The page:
CPCC Holds Second Investigation Review on Super Spreader Event

Stephen Downing

Question Raised: Is Positive Change to Civilian Oversight and Transparency Possible?

On the morning of Dec. 14, 2020 a letter alleging misconduct by Chief of Police Robert Luna was filed via email with the Citizen Police Complaint Commission (CPCC) by a coalition of community organizations.

The complaint, based upon a story published by the Long Beach Post, alleged that on Nov. 5, Luna, along with members of his senior command staff, ordered an indoor gathering of police officers at the Long Beach Convention Center that allowed a COVID-19 super-spreader event to take place.

Carlos Ovalle, executive director of People of Long Beach, and Ian Patton, executive director, Long Beach Reform Coalition, filed the personnel complaint jointly.

The full story and background of the incident orchestrated by the chief published by the Beachcomber on Dec. 17 can be read here: https://beachcomber.news/content/lbpd-event-called-assault-healthsafety-community.

On April 12 the Beachcomber published a follow-up story reporting upon actions taken by CPCC commissioners on April 8 as a result of receiving the investigation conducted by CPCC investigators.

In that article the Beachcomber reported, “According to a spokesperson for the Long Beach City Clerk the CPCC commissioners gave consideration to two charges involving conduct unbecoming a Long Beach police officer against the chief of police,’ and that, “The Beachcomber was unable to learn the specifics or differences alleged in each of the two charges but did learn that the commissioners voted 10/0 to sustain charge #1 and 7/3 to sustain charge #2.”

On April 15, following the Beachcomber’s publication of the CPCC vote reported by the City Clerk’s Office, City Manager Tom Modica published an official statement indicating “There was a misinterpretation of the information relayed to the Beachcomber reporter from the Office of the City Clerk.”

Modica’s statement did not deny the sustained findings by the CPCC commissioners as reported by the Beachcomber but rather stated that “Information on vote tallies for each case is publicly available, but not finding recommendations of the CPCC made in closed session meetings” and that “The city clerk does not participate in the CPCC closed session meeting or have knowledge of the commissioner’s finding recommendations.”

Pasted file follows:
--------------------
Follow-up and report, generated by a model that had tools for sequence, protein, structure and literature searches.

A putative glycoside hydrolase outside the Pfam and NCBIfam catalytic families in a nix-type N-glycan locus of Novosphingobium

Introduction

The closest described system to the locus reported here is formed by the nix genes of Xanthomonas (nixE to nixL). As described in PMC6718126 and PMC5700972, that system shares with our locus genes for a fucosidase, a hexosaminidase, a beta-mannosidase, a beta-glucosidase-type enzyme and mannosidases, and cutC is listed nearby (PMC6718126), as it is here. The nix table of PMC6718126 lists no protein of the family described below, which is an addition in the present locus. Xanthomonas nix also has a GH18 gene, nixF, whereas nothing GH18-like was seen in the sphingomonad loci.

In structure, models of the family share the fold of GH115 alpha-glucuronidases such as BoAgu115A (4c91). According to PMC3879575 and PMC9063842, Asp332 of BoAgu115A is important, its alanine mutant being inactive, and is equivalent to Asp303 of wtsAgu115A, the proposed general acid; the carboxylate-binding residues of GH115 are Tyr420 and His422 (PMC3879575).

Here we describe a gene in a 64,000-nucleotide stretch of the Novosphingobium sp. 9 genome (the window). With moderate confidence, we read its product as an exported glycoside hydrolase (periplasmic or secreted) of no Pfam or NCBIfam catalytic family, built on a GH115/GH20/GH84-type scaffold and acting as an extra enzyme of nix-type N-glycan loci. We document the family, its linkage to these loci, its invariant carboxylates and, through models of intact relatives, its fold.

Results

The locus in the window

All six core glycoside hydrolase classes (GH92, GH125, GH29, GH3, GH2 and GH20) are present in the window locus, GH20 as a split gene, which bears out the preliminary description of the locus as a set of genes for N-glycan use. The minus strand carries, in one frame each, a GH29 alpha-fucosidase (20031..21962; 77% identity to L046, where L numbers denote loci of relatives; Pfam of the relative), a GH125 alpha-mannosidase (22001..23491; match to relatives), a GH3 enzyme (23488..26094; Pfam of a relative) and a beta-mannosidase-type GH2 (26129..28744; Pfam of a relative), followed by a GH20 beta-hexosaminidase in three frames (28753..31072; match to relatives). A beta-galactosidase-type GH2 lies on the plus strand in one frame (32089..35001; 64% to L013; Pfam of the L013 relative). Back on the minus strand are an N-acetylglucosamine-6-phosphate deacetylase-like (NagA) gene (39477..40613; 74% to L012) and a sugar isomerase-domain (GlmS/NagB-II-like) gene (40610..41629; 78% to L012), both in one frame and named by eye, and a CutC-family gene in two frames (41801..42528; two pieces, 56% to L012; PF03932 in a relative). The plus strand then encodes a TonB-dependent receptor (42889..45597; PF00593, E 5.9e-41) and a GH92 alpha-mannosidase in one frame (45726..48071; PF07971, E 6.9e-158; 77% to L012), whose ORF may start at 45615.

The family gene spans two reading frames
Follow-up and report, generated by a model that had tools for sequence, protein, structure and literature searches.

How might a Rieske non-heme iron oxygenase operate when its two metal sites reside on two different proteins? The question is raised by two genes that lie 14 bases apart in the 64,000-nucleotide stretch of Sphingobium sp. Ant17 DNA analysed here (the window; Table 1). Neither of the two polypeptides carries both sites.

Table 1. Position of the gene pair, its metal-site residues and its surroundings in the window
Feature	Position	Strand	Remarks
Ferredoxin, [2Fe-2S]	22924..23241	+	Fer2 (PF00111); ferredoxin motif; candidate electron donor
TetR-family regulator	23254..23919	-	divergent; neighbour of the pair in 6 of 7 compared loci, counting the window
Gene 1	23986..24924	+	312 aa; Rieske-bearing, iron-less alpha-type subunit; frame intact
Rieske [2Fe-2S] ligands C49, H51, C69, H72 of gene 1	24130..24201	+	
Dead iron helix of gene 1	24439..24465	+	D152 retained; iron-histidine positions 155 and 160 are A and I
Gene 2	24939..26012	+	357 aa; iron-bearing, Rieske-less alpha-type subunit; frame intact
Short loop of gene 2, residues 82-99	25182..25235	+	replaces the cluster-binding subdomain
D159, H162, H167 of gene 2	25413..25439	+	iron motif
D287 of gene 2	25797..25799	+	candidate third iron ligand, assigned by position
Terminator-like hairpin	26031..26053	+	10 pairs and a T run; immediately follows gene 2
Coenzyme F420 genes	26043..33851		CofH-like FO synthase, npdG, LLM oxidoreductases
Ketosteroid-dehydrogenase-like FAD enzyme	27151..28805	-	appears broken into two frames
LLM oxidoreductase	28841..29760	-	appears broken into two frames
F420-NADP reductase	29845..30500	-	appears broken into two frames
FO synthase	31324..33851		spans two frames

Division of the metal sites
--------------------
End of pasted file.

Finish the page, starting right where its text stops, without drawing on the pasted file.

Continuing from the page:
The Beachcomber subsequently issued a statement that the newspaper stood by the story as reported. 

Attempts to Get Facts

Days later the Beachcomber obtained the written CPCC minutes related to the April 8 meeting of the CPCC in which the two allegations were voted upon by the commissioners. They read as follows: “[1] Case 20-139 Commissioners voted 10-0 on Allegation No. 1 - Unbecoming Conduct and 7-3 on Allegation No. 2 - Unbecoming Conduct for Officer accused;”

Contrary to what was written in those minutes, a source within the community with ties to members of the CPCC commission later informed the Beachcomber that the CPCC commissioners did not in fact fully resolve the allegations against Luna and his top command staff and that part of the vote reported on April 12 was to order additional investigation into the case, as opposed to making a recommendation to the city manager.

The Beachcomber was unable to confirm that information, but weeks later the newspaper was notified that a meeting of the CPCC commissioners had been scheduled to review the case a second time, on Aug. 12.

That information was further confirmed in an interview with CPCC manager Patrick Weithers and later by its publication on the city website.

On Aug 18 the minutes of the Aug. 12 CPCC commissioners meeting were posted on the Long Beach City website and the entry related to the super spreader event misconduct allegations against Luna and his command staff, filed under CPCC case number 20-139, reported the following:

“[1] Case 20-139 Commissioners voted 5-3 on Allegation No. 1 -

Unbecoming Conduct for First Officer accused and 8-0 on Allegation No. 2 - Unbecoming Conduct for Second Officer accused;”

CPCC Report and Vote Tally Meaningless to Public

Based upon the City Manager’s response following the CPCC’s April 8 findings, the Beachcomber is unable to report exactly what the minutes mean, what the commissioners recommended in terms of adjudication or what the civilian oversight board members think about the dangerous behavior of the Long Beach chief of police and his command staff or if the reported vote tally related to unbecoming conduct for first and second officer accused – similar to the April 8 reporting, means that a recommendation has in fact been made or if there is to be another follow-up investigation.

The Beachcomber was also unable to determine why the original allegation of endangering the public health made by Ovalle and Patton was redefined as unbecoming conduct.